The attorney general of California recently started issuing notification letters to manufacturers and retailers requesting information regarding their compliance with the California Transparency in Supply Chains Act of 2010 (Sen. Bill No. 657 (Steinberg)) (the “Act”), despite the fact that the Act has been in effect since Jan. 1, 2012. The Act is designed to address the trade in goods and products tainted by slavery and human trafficking.

Human trafficking is a serious concern for manufacturers with global operations. Even the federal government amended the Federal Acquisition Regulation and the Defense Federal Acquisition Regulation Supplement regarding human trafficking on Jan. 29, 2015, effective March 2, 2015, with an aim to significantly augment the existing human trafficking prohibitions.

The Act requires that “retail sellers” and “manufacturers” doing business in California with annual worldwide gross receipts that exceed $100 million make certain disclosures regarding their efforts, if any, to eradicate slavery and human trafficking from their supply chains.

Whether a company is a “retail seller” or “manufacturer” depends in large measure on how the company classifies its principal business activity for purposes of the California Franchise Tax forms. Doing business in California is defined in Section 23101 of the Revenue and Taxation Code1. If a company pays California franchise taxes and classifies itself on the forms as a retailer or manufacturer, and if the company has worldwide gross receipts in excess of $100 million, then the company is subject to the Act. It is important to realize that the Act applies even if the company has no physical presence in California.

The disclosures required by the Act must be posted on the company’s website. If the company does not have a website, the required disclosures must be provided to any person requesting such disclosures in writing within 30 days of the request. A retailer or manufacturer subject to the Act must post disclosures on five specific categories: human trafficking verification, audit, certifications, accountability and training in the company’s supply chain.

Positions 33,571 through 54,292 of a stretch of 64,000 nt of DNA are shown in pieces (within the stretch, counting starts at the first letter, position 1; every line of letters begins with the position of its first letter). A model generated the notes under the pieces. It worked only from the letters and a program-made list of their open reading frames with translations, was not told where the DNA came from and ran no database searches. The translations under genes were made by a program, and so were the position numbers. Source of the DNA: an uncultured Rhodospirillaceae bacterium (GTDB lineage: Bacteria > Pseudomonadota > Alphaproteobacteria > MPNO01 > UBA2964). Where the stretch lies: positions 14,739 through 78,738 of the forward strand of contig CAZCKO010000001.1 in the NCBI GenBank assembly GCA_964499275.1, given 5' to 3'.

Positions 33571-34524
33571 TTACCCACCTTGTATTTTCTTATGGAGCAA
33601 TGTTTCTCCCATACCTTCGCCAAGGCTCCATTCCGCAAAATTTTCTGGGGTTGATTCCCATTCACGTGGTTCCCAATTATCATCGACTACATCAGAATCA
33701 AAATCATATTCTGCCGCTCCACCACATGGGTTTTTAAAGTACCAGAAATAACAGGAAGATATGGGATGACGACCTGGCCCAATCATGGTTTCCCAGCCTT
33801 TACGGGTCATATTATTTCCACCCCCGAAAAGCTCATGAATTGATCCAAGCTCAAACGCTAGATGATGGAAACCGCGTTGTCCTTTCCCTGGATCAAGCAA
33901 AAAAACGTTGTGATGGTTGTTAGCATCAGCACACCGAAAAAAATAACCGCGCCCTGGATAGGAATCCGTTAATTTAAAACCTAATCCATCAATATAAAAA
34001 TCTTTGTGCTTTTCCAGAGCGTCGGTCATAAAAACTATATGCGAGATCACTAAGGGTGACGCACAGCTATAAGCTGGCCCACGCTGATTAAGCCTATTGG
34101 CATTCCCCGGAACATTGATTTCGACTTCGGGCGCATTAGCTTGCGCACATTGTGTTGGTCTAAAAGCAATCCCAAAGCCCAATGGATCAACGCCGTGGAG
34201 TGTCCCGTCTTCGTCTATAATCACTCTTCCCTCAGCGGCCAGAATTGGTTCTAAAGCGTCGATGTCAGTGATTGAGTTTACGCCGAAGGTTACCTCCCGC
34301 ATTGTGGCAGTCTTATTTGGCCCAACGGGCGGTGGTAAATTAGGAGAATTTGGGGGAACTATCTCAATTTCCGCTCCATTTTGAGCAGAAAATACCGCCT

The Act does not contain punitive provisions. The remedy is for the attorney general to file an injunction to ensure compliance. Nevertheless, it is critical that the disclosures be accurate to avoid liability for false advertising or other similar claims.

If your company has been provided a notice by the attorney general of California regarding the Act, or if your company does business with manufacturers and retailers subject to the Act, we may be able to assist you in analyzing whether you are subject to the Act and/or what your company needs to disclose in order to comply with it.

For more detailed information or to address a specific question regarding The California Transparency in Supply Chains Act, please contact one of the Taft professionals listed here.

1A company does business if any of the following conditions are satisfied:

The company is organized or domiciled in California.

The company’s sales in California exceed the lesser of $500,000 or 25% of the company’s total sales.

The company’s property in California or payroll in California exceeds the lesser of $50,000 or 25% of the company’s total property or payroll.